The scariest thing about Halloween might not be zombies or vampires. Let’s take a look at the shocking amount of Halloween pumpkin waste and how we can prevent this yearly horrorshow.
Happy Halloween, friends! I don’t know about you, but Halloween feels a bit out of place on a Monday. Hopefully that means some of you have some whole (or freshly carved) pumpkins around the house for the actual holiday today.
I found this awesome video from Olio EX that examines just how much Halloween pumpkin waste we generate each year:
So many pumpkins bound for the landfill, yet this great food is totally edible!
Halloween Pumpkin Waste by the Numbers
Our food waste problem in general is pretty horrifying, and Halloween pumpkin waste is a shocking example of how cavalier we can be about food. Last year NPR wrote about pumpkin waste, estimating that we grow around 2 billion pounds of pumpkins in the US each year– most of which are tossed out!
The article explains that about a fifth of the pumpkins we grow in the US are turned into food, while the rest become decorations. If we are tossing that other four fifths of the 1.91 billion pounds of pumpkins we grow, that adds up to more than 1.5 billion pounds of pumpkins headed to landfills in early November.
Seems like a pretty big waste of a large, long-growing crop, especially when so many people in the U.S. don’t have enough affordable food to eat.
Now is an especially good time to think about using these fruits better, since we’re facing a pumpkin shortage due to poor harvests in 2014 and 2015.
How to Eat Your Halloween Pumpkin
The types of pumpkins we tend to carve or paint for Halloween, known as Howden pumpkins, have been, “bred for size, shape, color and having a handle-like stem for easy carrying.” They’re not the most delicious, but they are still edible. The NPR article also notes that Howden pumpkins are often a bit more watery than other pumpkins, like kabocha or kuri.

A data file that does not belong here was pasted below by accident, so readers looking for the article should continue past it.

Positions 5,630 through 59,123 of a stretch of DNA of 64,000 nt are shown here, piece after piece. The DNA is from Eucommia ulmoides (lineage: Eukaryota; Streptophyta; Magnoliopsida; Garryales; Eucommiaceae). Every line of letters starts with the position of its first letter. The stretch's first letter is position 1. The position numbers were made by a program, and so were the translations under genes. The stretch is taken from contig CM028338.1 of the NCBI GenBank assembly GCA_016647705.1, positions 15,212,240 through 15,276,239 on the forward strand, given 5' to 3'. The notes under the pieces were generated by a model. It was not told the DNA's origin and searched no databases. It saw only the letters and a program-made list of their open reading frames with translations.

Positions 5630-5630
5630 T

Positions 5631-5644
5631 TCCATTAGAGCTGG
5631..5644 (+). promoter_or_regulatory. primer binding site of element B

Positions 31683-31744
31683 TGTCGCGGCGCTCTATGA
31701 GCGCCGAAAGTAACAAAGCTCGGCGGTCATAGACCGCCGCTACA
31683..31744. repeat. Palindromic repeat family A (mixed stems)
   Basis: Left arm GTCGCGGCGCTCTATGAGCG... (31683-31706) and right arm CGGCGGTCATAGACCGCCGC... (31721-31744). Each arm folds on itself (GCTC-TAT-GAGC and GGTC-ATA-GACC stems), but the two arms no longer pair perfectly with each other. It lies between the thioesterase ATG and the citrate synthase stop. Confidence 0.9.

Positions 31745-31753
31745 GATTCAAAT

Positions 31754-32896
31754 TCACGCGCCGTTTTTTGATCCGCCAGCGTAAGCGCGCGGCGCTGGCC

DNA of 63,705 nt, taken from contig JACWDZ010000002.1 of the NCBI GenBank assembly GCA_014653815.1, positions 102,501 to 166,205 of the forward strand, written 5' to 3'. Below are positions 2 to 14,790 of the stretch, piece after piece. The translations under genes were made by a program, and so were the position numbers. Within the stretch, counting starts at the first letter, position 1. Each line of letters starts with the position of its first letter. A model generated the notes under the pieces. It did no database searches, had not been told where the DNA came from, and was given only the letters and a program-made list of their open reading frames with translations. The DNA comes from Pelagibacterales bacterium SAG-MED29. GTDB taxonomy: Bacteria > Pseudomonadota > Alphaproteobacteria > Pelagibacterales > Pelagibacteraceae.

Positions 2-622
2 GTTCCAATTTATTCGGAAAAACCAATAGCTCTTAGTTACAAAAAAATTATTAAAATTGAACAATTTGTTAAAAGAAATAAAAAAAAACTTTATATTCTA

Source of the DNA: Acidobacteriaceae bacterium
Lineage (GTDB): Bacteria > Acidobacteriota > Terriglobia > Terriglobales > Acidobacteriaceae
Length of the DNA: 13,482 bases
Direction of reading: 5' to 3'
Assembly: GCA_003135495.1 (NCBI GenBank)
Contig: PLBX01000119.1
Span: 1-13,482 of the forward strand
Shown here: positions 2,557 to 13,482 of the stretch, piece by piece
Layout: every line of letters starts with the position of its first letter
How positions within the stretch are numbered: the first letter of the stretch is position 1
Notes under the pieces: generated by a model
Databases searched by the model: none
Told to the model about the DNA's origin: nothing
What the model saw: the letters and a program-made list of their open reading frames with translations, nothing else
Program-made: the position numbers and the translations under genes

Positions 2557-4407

Opinions differ, but generally, if you’ve kept your pumpkin whole, even if it’s been sitting out for a few weeks, it’s probably safe to eat. You can turn your jack-o-lantern into homemade puree, for use in a variety of pumpkin recipes. Click here to see our list of 15 Vegan Pumpkin Recipes like Homemade Pumpkin Spice Latte, Pumpkin Bread, and Pumpkin French Toast (my favorite) to make the most of pumpkin season.
Most sources do not recommend eating pumpkins that have been carved, since germs can proliferate in the open jack-o-lanterns. If you carved your recently pumpkin, and if it doesn’t seem too dirty, you might be able to salvage a few parts for cooking down into soups or stews, though.
If You Can’t Eat ‘Em, Compost!
If you don’t feel good about eating your Jack-o-lantern, you don’t have to throw it in the trash. Instead, chop it up and toss into the compost bin. You can also check with local farmers to see if they can use the pumpkin as compost or for animal feed.
Whether you eat or compost, you’re keeping that pumpkin waste out of landfills, and that’s good news. Pumpkins – like any organic materials we toss in the trash – break down to create methane, a greenhouse gas even more harmful than CO2.